Follow @Openwall on Twitter for new release announcements and other news
[<prev] [next>] [<thread-prev] [thread-next>] [day] [month] [year] [list]
Date: Sat, 9 May 2015 00:22:12 +0300
From: Solar Designer <>
Subject: Re: Adding OpenMP support to SunMD5

Hi Lei,

On Fri, May 08, 2015 at 09:52:53AM +0800, Lei Zhang wrote:
> Thanks for clearing it out. Now I've got SunMD5 to work with OpenMP, and here's the result obtained on my laptop:
> [Before]
> Benchmarking: SunMD5 [MD5 128/128 AVX 4x3]... DONE
> Speed for cost 1 (iteration count) of 5000
> Raw:	605 c/s real, 610 c/s virtual
> [After]
> Will run 4 OpenMP threads
> Benchmarking: SunMD5 [MD5 128/128 AVX 4x3]... (4xOMP) DONE
> Speed for cost 1 (iteration count) of 5000
> Raw:	1269 c/s real, 326 c/s virtual

This may be fine.  I assume your laptop's CPU is dual-core (with two

> Currently I only multiplied max_keys_per_crypt by number of threads. There might be more space for further improvement.

Yes, but given that this is a slow hash, simply multiplying by number of
threads should be fine.

> BTW, there's a minor issue I've encountered. See the following code (simplified):
> --------------------------------------------------------------------
> #if defined (_DEBUG)
> static unsigned char input_buf[BLK_CNT*MD5_CBLOCK];
> static unsigned char out_buf[BLK_CNT*MD5_DIGEST_LENGTH];
> static unsigned char input_buf_big[25][BLK_CNT*MD5_CBLOCK];
> #else
> static unsigned char *input_buf;
> static unsigned char *out_buf;
> static unsigned char (*input_buf_big)[BLK_CNT*MD5_CBLOCK];
> #endif
> --------------------------------------------------------------------

I'd drop the _DEBUG support, and keep only the dynamically allocated

> Those three arrays have static size, but are dynamically allocated in a non-debug build. With OpenMP enabled, each thread should have a private copy of these arrays.

Not necessarily:

You could instead have big arrays for all keys, covering the range for
all threads combined, but the threads would each access their portion of
key sub-groups.  (This is what happens for most JtR formats currently,
albeit in a simpler form: there's only a per-key loop.)  In fact, you
would not need to care about threads - it's OpenMP's job.  The
parallelized top-level loop will simply invoke its body on indices that
do not overlap for different threads.

Or you could in fact have per-thread buffers, yet have them allocated
dynamically.  For example c3_fmt.c allocates some.

Or, as a third alternative, if those buffers are only needed during
crypt_all(), but not to pass data to/from it, then you could put them on
the stack from within the top-level loop.  For example, BF_std.c:
BF_std_crypt() does this for "struct BF_ctx BF_current;"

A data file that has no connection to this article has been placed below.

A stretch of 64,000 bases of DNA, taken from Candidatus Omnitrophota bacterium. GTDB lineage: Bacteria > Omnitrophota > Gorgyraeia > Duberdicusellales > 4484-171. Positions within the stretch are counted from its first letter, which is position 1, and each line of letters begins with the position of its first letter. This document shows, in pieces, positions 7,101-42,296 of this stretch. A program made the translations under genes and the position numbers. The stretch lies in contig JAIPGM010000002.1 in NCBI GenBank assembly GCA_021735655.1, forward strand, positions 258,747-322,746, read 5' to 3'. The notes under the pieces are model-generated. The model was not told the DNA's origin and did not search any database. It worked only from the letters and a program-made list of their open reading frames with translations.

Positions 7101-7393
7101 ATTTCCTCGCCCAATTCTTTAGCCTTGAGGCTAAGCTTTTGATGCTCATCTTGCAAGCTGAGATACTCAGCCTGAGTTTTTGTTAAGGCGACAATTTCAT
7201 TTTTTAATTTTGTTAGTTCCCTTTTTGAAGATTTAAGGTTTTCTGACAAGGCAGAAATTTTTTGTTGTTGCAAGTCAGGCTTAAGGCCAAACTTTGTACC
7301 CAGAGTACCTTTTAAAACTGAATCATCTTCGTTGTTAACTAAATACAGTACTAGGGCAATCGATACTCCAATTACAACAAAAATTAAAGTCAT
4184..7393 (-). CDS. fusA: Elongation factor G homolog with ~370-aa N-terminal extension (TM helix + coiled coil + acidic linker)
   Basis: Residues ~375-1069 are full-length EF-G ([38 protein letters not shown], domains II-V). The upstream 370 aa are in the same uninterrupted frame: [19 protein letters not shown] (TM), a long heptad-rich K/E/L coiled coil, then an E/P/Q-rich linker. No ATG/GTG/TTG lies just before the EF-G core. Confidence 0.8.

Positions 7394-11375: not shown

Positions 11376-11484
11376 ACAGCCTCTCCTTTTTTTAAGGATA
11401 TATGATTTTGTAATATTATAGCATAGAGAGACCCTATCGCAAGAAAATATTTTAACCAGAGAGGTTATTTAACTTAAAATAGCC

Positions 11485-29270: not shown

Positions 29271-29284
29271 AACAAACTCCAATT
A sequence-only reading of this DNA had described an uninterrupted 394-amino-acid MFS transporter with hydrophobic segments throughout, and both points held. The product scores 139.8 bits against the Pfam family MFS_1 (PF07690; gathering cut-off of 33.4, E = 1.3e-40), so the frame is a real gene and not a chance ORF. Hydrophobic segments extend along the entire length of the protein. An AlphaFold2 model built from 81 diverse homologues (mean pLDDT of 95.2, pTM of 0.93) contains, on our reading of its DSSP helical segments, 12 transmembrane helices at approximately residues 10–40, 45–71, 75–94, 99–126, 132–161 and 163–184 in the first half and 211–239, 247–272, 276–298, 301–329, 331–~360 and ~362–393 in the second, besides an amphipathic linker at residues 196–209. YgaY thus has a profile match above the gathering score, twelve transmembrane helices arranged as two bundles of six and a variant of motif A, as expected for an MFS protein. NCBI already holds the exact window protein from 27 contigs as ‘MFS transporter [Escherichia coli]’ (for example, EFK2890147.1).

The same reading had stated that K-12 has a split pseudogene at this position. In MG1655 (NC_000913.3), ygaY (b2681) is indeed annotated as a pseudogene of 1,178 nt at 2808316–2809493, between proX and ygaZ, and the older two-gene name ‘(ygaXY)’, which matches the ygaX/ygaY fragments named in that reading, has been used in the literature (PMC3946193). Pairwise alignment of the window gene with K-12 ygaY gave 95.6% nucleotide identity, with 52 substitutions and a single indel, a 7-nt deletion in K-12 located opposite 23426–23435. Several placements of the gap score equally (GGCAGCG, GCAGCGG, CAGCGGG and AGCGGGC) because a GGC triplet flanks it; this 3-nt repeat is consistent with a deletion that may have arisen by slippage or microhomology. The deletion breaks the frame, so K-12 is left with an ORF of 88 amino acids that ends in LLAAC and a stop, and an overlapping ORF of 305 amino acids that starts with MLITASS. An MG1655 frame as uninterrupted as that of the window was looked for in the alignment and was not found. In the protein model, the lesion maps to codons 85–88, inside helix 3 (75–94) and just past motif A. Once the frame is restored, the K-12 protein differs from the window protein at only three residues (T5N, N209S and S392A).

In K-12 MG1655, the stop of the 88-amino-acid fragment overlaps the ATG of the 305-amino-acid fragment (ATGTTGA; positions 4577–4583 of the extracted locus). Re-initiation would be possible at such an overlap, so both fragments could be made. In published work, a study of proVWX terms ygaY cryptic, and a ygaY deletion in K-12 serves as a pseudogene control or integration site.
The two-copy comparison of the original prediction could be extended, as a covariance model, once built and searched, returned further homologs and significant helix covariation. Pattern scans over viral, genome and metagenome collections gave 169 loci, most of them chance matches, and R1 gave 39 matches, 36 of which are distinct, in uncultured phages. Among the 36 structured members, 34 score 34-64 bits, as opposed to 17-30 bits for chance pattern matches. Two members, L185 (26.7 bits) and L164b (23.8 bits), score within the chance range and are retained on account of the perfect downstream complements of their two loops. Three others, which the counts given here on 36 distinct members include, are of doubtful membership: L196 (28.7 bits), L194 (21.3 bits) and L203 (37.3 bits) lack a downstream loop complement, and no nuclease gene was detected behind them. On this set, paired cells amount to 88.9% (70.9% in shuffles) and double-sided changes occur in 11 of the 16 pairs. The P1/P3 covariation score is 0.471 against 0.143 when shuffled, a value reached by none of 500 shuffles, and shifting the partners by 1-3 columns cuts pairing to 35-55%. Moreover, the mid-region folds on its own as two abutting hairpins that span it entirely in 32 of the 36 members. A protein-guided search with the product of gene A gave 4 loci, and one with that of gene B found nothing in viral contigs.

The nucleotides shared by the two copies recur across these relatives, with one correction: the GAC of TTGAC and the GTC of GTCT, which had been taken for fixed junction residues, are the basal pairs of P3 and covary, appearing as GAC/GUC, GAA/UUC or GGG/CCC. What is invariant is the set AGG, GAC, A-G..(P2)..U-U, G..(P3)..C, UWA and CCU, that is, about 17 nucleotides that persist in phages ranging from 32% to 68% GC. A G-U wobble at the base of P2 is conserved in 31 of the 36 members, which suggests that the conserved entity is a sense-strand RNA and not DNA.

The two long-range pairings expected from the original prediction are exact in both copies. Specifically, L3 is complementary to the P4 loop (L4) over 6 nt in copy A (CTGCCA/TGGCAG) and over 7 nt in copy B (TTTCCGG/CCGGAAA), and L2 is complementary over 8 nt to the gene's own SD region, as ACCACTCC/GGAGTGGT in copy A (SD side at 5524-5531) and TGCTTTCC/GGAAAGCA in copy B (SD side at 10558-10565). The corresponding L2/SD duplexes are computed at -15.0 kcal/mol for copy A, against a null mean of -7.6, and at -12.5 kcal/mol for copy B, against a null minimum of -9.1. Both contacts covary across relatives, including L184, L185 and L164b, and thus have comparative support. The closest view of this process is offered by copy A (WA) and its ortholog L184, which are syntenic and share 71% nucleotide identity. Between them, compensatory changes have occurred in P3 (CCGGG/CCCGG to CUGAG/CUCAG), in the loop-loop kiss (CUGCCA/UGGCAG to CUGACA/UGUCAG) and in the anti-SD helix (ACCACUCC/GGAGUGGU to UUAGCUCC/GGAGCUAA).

> If they're statically allocated, I can use a single clause like this:
> --------------------------------------------------------------------
> #pragma omp threadprivate(out_buf, input_buf, input_buf_big)
> --------------------------------------------------------------------

I see that this is what you implemented now, but it makes me moderately
unhappy.  It's the only use of threadprivate in our tree so far.  I'd
rather not introduce extra dependencies unnecessarily.

Similarly, you've introduced the only use of copyin so far.  And this
one might have performance cost.

I suggest that you avoid these.

I've just checked, both threadprivate and copyin are already in OpenMP
2.5, which is probably the minimum we require anyway, so it's not that
big a deal.  Yet I see no reason for us to depend on them.

There are still systems without or with incomplete thread local storage
support.  I don't know if gcc/libgomp would currently (partially) work
on those or not at all, but I don't rule out the possibility.  If so, it
is possible that a subset of OpenMP features would work there.
threadprivate would not.

> But if not, I probably need to do some explicit copying for each thread.

Why does anything need to be copied?

> Currently I manually defined _DEBUG for ease of experimenting. I'm not sure about the point of allocating those array dynamically. Is there some optimization involved?

Not wasting address space.  With static allocation, they'd be in .bss
even when the SunMD5 format isn't in use.

> If dynamic allocation isn't necessary, I'd abandon it and keep the OpenMP code clearer.

We have different opinions on what's cleaner, it seems.

If the copying is in fact needed, I might agree with you.  I just don't
see why it would be.  Other JtR formats manage to do without any such
copying, and this one shouldn't be special in that aspect.  I think you
just need to think of it out of the box, not constrained to the
definitions and code you started with.



Powered by blists - more mailing lists

Confused about mailing lists and their use? Read about mailing lists on Wikipedia and check out these guidelines on proper formatting of your messages.